The museum in Goodland, Kansas is nice. Sami, the curator and museum director, does a nice job maintaining the exhibits. I used to volunteer at the museum in Wheatlland, Wyoming. We had a large collection of stuff, but a lot of these community museums end up being collections of stuff people don’t want to keep, but that they don’t want to throw away. Often the exhibits are. A hodge-lodge of stuff with tangential relevance to the story of the town. Often, their contribution to the story of the community is just that it is something that belonged to someone who lived in the community. But that’s not the case with the Goodland Museum.
They have nice collections grouped into relevant displays about the community and events from the community’s past. I enjoyed reading the displays and learning about the railroad lines and settlement of the area. It’s very similar to the story of settlement in western Nebraska and Wyoming (of course it’s not that far away). They also have an amazing “working” model of the first patented helicopter in the United States. It never flew, but the design was patented and the model features a button that visitors can press and watch the rotors turn. It’s quirky and cool. Definitely worth a stop if you’re driving by on the interstate. The museum is free and the folks there are really nice.
I did a small presentation on western history and music for a nice crowd of locals. We talked about general western history and that led to conversations about local railroading history and farming stories. A nice cowgirl poet named Helene Landenberger shared a poem with us. Sami brought out some special items from the museums collection for display including a conductor’s hat, a wagon brake, and a butter mold.
That evening I played at Terra Bona Hawaiian Shaved Ice in downtown Goodland. Nick Evert, who is on the board of the Carnegie Arts Center and runs an amazing flower shop downtown, suggested that I play there because it iss like the “living room of Goodland” as many people too me. Mary Ellen and her husband John make amazing shaved ice treats and serve coffee drinks as well. The place filled up with families coming in to play games and visit with each other. It was full pretty much the entire night and had a fun community vibe.
Nick’s flower shop is connected to Terra Bona and he has lots of creative and stylish arrangements there. He has little ceramic tile ornaments with adhesive that folks can use to make their own arrangements. If you find yourself in Goodland make sure to stop by and see what he’s up to. Oh, and the Hawaiian shaved ice at Terra Bona is amazing. Make sure to get the sweet cream. You won’t be sorry…guilty maybe…but not sorry.
I met my friend John Depew in Garden City the next day and we played a fundraiser for the Tumbleweed music festival where I have played many times. The festival board put on a bluegrass & bloody Mary’s event that was lots of fun. John is an amazing musician, songwriter, and artists from Arlington, Kansas. He sounds like Kansas. I can’t think of an artist that more suits his surroundings than him. His songs are fantastic, his musicianship is outstanding, and he’s a dang good guy. Make sure to check out his music. We played some Tim O’Brien songs together and had a nice time swapping songs back and forth together.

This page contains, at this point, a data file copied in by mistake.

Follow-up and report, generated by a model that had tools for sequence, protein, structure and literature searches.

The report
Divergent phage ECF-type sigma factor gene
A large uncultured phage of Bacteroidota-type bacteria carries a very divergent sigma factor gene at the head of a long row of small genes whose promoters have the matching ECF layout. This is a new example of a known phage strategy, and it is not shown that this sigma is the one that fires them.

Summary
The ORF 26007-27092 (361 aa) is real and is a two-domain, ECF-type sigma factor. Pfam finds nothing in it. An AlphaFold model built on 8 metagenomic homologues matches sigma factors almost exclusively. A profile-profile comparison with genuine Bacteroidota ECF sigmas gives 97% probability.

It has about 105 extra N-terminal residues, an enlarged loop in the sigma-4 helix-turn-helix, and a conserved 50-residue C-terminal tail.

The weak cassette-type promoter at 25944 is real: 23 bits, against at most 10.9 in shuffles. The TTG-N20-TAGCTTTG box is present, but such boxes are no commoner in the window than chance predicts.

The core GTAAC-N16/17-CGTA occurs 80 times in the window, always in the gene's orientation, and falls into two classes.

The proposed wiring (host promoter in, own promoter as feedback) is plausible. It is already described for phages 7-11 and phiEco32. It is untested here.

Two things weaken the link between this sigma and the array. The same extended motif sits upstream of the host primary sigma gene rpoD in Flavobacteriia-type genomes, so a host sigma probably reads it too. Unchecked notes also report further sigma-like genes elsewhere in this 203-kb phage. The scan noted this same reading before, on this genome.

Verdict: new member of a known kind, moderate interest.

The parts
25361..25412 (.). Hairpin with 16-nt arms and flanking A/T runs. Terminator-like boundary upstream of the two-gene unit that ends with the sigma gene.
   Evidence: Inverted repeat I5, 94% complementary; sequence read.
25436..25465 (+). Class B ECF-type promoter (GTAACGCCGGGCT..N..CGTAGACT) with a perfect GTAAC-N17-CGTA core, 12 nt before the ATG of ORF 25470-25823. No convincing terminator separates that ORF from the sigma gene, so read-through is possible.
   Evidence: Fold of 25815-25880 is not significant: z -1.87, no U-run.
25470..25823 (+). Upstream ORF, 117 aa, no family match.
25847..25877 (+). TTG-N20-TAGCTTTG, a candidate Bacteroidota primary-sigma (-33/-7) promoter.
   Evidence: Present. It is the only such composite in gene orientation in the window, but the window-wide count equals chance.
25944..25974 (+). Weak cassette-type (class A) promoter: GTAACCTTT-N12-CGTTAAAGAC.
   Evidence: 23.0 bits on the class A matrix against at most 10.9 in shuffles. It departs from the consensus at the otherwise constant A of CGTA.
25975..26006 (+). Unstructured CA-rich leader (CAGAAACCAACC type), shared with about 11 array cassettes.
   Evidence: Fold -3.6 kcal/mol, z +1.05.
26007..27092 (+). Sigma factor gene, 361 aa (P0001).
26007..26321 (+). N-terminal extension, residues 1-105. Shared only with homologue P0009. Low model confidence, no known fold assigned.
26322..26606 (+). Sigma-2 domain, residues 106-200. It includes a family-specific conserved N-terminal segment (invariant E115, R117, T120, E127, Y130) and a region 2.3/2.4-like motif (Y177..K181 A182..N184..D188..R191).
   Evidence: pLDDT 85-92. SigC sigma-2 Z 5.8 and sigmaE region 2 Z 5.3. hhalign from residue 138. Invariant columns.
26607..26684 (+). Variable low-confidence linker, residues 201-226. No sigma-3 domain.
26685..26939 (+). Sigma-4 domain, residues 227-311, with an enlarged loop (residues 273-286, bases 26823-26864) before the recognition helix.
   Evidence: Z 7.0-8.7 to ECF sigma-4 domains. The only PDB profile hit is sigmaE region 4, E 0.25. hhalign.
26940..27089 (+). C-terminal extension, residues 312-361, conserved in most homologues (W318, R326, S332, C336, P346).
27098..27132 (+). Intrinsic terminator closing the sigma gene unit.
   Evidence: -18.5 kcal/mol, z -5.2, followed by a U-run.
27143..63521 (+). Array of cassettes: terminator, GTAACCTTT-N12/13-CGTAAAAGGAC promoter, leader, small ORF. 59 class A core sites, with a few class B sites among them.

High Plains Public Radio music host Jenny Inzerillo had me on her show on October 16th. I played a few songs while she did fundraising for their October pledge drive. She’s a fantastic radio host and a tremendous resource for music in the HPPR region. She’s also a lot of fun to hang out with and talk about music. I always learn so much about new music from radio DJs and they always introduce me to new artists and movements happening within music. It’s a real skill to be a good DJ and Jenny has the talent for it. Make sure to catch he show in the mornings on HPPR you can listen online at HPPR.org.
Tuesday, October 17th I played in Lakin, Kansas at the Cottonwood Coffeehouse which is a real treasure in western Kansas. I love drinking coffee and have been to a lot of coffee shops, but the coffee at this place is extra special. Even better than a lot of upscale coffee shops I have been to in cities around the country. John, the owner, said a local person roasts their coffee and they serve homemade food every day. There was a nice mix of regulars and folks who came specifically for the music. I played in the morning and tried to catch the lunch rush. I met some ladies who attended the University of Northern Colorado and a chatty old guy who told me about getting in a car chase with the Nebraska Highway Patrol in his old Ford F-150. Everyplace is full of characters.
I’ve been seeking out good tacos on this trip. There’s no shortage of places to try out here on the high plains. I had great lengua tacos at Lucy’s Tacos in Lamar and perhaps the best tacos birria I have ever had from a food truck in Garden City called Taqueria Cuernavaca. If you’re in those areas looking for tacos I defininately recommend those spots. I also had a great lunch at Traditions Soda & Sandwich in Garden City which is an old soda fountain that has been open since 1954. It still has the old menu posted behind the bar. It’s like walking into an old world.
There hasn’t been much time for sightseeing sinc eI’ve been staying busy playing and teaching, but I was able to make it to the Finney County Museum in Garden City where they have the worlds biggest (and most disgusting) hairball ever removed from cows stomach (YUCK!) The Lee Richardson Zoo right next door is pretty cool and free to the public if you are willing to walk. It costs $10 to drive through. Some of the highlights include black rhinos, friendly otters, comical lemurs, and lots of big cats. I’m also a fan of their bactrian camels (two humps) which you don’t see as often out here as dromedaries (one-hump).
It’s great to be back on the road and I’m grateful to get to do this as a career. I love meeting folks out here in these communities and seeing this region of the world. Thanks for following along and I hope to see you at a show sometime soon!